When I opened the door I stepped back, at first glance I thought this was a long, dried-up, dead worm. On closer inspection it was something more fascinating: the tail of a lizard. Six inches long, so its owner must have been a fair size; say 10-12 inches in total. Before his loss. I’ve heard that lizards lose their tails in pursuit, in danger, in panic. It is said that the tail continues to wriggle after it is shed. For sure, something large and hungry was chasing the tail’s owner. We will never know the full story.
5 to remember
a primera vista – at first glance
reseco/a – dried-up
un gusano – a worm
en una inspección más cercana – on closer inspection
en persecución – in pursuit
‘Wild Animals’ [RSPB Pocket Nature]
And if you’d like to tweet a link to THIS post, here’s my suggested tweet:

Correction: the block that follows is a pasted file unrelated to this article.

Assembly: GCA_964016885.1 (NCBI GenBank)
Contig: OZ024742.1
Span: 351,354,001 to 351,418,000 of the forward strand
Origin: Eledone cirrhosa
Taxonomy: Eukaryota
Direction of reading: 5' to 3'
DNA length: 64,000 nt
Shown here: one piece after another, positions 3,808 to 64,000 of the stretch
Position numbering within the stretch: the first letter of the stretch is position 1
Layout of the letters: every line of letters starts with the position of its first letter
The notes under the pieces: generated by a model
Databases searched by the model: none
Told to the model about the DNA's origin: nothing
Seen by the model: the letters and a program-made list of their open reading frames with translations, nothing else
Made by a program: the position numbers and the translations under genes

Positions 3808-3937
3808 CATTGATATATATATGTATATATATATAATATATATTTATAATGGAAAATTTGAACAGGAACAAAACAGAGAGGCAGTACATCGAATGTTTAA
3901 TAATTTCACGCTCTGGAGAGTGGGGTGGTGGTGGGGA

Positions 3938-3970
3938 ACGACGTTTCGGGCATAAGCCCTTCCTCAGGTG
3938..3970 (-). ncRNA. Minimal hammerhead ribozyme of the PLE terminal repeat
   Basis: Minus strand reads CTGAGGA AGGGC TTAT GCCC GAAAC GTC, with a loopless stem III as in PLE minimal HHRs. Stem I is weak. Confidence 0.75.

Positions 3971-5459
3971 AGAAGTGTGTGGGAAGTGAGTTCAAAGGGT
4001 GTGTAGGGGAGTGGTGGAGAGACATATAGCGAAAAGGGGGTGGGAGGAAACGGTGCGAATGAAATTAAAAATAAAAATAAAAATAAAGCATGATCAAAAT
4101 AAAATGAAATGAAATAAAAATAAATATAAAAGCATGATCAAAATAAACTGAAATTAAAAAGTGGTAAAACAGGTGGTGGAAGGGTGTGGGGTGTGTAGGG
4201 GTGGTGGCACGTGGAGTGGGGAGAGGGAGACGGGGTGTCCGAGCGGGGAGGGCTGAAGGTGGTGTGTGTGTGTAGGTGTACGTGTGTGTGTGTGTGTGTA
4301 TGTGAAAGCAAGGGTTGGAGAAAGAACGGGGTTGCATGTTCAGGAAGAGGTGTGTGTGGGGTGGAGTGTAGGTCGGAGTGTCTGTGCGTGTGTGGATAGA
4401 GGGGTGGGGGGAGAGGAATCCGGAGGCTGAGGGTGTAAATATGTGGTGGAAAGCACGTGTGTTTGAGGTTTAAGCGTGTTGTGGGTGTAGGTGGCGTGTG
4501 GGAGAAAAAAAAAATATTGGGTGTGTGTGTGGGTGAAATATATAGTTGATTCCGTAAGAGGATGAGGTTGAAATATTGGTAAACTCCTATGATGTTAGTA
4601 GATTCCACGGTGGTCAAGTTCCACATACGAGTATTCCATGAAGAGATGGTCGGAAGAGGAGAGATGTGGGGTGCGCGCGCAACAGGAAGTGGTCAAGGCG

Is it a worm, is it a snake? No… #Wildlife in #Spain via @Spanish_Valley http://wp.me/p3dYp6-1rn
Today we saw three lizards, each was an Iberian wall lizard with yellow stripes along the length of its body. They are often easy to spot first thing in the morning, lying in a patch of sun to heat up. Sometimes they lay on the log pile, other times beside a terracotta plant pot. That’s where they were today, and that’s why we saw them – because workmen came today to install new external metal shutters on the bedroom windows.
5 to remember
– Spanish wall lizard
– plant pot